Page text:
Man shaking hands with robot
Social and behavioural, Digital and technology

Robot prejudice

The human tendency to form groups can turn ugly when we derogate non-members and start seeing them as somehow lesser people.

05 March 2012

By Christian Jarrett

The human tendency to form groups can turn ugly when we derogate non-members and start seeing them as somehow lesser people. A new study by Friederike Eyssel and Dieta Kuchenbrandt shows how readily this instinct for prejudice extends to our perception of robots.

Seventy-eight German students volunteered for what they thought was a chance to help the researchers optimise a social robot prototype. Shown identical pictures of the robot, half the students were told the machine was called Armin (a typical German first name) and that it had been developed in Germany. The other students were told the robot was called Arman (a typical Turkish name; Turks are the largest minority group in Germany) and that it had been developed at a Turkish university.

The students evaluating the supposedly German-built robot Armin, rated it as warmer, of superior design, as having more of a mind, said they felt psychologically closer to it, and expressed more of a willingness to live with it, as compared with the students who evaluated the supposedly Turkish-built Arman. So not only did the German students show a basic preferential bias toward the robot that had a German name and provenance, they also saw it as more human. This fits with previous research showing how readily we are able to perceive out-group members, such as the homeless, as less than human.

“We demonstrated that social categorisation processes generalise to non-human agents,” the researchers said. “Even small changes at a seemingly superficial level … sufficed to bias both the mental models of the robots, and subsequent evaluations. Our results document how deeply ingrained heuristic modes of thinking about others seem to be – may they be human or even non-human.”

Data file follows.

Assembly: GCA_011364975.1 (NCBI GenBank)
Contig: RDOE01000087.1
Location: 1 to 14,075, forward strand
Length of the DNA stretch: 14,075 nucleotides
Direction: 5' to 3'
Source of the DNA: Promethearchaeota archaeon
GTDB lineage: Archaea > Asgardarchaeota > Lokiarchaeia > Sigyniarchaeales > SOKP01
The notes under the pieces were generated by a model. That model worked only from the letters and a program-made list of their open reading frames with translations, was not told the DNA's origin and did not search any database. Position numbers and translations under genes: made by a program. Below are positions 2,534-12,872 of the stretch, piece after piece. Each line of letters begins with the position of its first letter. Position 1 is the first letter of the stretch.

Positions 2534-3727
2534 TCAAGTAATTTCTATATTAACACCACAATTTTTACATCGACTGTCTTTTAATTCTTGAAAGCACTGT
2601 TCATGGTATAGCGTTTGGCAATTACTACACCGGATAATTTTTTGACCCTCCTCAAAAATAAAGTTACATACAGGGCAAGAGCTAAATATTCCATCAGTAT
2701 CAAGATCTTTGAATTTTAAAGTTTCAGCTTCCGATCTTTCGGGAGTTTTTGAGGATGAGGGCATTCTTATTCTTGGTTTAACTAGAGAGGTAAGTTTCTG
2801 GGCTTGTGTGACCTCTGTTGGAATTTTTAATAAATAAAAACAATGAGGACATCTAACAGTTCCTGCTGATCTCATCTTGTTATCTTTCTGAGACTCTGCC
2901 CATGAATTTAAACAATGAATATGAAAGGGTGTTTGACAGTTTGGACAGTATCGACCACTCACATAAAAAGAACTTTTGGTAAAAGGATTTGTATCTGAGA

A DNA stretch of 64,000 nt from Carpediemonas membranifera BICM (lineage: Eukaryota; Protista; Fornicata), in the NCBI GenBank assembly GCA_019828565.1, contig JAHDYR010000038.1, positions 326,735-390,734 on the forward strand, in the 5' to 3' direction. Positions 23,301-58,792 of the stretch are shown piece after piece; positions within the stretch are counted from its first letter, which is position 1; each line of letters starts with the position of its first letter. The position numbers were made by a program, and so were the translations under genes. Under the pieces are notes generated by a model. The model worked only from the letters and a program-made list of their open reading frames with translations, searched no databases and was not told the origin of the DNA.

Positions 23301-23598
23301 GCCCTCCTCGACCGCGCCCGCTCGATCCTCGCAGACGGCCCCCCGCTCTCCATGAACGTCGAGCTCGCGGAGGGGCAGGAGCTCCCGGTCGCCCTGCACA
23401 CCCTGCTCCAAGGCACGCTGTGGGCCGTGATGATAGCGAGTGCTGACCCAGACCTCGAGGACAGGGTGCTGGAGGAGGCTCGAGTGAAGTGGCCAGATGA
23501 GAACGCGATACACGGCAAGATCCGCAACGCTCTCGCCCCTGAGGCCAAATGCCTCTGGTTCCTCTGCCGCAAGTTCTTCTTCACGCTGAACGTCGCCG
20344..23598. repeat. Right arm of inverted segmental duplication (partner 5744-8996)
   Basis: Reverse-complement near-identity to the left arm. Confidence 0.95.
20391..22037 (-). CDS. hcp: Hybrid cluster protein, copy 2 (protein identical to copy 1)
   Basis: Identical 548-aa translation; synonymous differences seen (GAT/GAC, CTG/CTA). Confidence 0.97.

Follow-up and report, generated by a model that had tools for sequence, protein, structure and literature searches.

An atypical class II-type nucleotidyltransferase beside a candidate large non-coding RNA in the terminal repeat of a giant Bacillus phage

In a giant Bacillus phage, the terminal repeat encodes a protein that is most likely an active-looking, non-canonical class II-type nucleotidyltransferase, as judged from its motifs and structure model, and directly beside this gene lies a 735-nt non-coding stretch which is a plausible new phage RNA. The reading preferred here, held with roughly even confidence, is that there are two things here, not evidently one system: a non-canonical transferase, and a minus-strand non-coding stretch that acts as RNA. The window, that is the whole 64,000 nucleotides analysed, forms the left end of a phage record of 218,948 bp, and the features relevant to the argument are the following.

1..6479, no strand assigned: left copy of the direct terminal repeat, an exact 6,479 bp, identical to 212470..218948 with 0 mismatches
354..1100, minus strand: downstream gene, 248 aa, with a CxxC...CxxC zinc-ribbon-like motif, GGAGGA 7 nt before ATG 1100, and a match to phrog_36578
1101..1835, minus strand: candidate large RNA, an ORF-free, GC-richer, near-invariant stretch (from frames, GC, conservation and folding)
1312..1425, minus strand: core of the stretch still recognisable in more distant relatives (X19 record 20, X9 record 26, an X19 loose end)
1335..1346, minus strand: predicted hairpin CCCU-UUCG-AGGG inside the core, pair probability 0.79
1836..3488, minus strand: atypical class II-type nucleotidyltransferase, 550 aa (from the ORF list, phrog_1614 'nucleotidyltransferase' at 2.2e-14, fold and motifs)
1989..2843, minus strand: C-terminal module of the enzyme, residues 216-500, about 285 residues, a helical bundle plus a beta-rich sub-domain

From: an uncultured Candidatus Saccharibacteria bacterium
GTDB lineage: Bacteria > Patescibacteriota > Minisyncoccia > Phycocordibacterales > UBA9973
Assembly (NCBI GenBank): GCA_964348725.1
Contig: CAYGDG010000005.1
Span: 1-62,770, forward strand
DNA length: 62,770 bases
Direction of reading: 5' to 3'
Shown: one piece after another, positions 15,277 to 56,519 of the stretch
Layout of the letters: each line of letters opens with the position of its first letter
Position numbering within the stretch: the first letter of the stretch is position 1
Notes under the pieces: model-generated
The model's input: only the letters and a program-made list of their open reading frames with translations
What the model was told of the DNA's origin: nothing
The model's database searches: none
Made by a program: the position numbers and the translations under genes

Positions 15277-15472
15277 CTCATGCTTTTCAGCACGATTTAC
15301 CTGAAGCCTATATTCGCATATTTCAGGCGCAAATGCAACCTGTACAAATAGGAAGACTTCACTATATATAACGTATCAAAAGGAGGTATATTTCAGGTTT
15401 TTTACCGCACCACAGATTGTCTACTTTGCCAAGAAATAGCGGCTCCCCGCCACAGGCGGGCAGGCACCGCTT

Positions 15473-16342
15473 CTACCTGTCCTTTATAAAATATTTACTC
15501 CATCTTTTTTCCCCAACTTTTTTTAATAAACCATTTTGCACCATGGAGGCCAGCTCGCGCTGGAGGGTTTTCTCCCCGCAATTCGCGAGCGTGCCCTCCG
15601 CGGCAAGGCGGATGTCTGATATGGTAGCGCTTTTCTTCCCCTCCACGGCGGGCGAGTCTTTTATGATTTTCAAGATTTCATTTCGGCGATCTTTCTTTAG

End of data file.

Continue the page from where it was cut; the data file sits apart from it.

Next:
It’s a shame that the researchers didn’t include a separate, standard measure of the prejudice of their participants towards Turkish people. Would people without any measurable prejudice still have exhibited these biases towards the German robot? Another important omission: there was no assessment in the paper of whether the participants were fans of the Terminator film franchise – surely Arnie fans the world over would have had a soft spot for Armin over Arman.

Eyssel and Kuchenbrandt said their findings have practical implications. Sooner or later, they predicted, robots will enter our homes. “If one and the same product shall be marketed in different countries, it might be valuable to provide the robot with a brand name that signifies in-group membership,” they said.

Further reading

Eyssel, F., and Kuchenbrandt, D. (2011). Social categorization of social robots: Anthropomorphism as a function of robot group membership. British Journal of Social Psychology DOI: 10.1111/j.2044-8309.2011.02082.x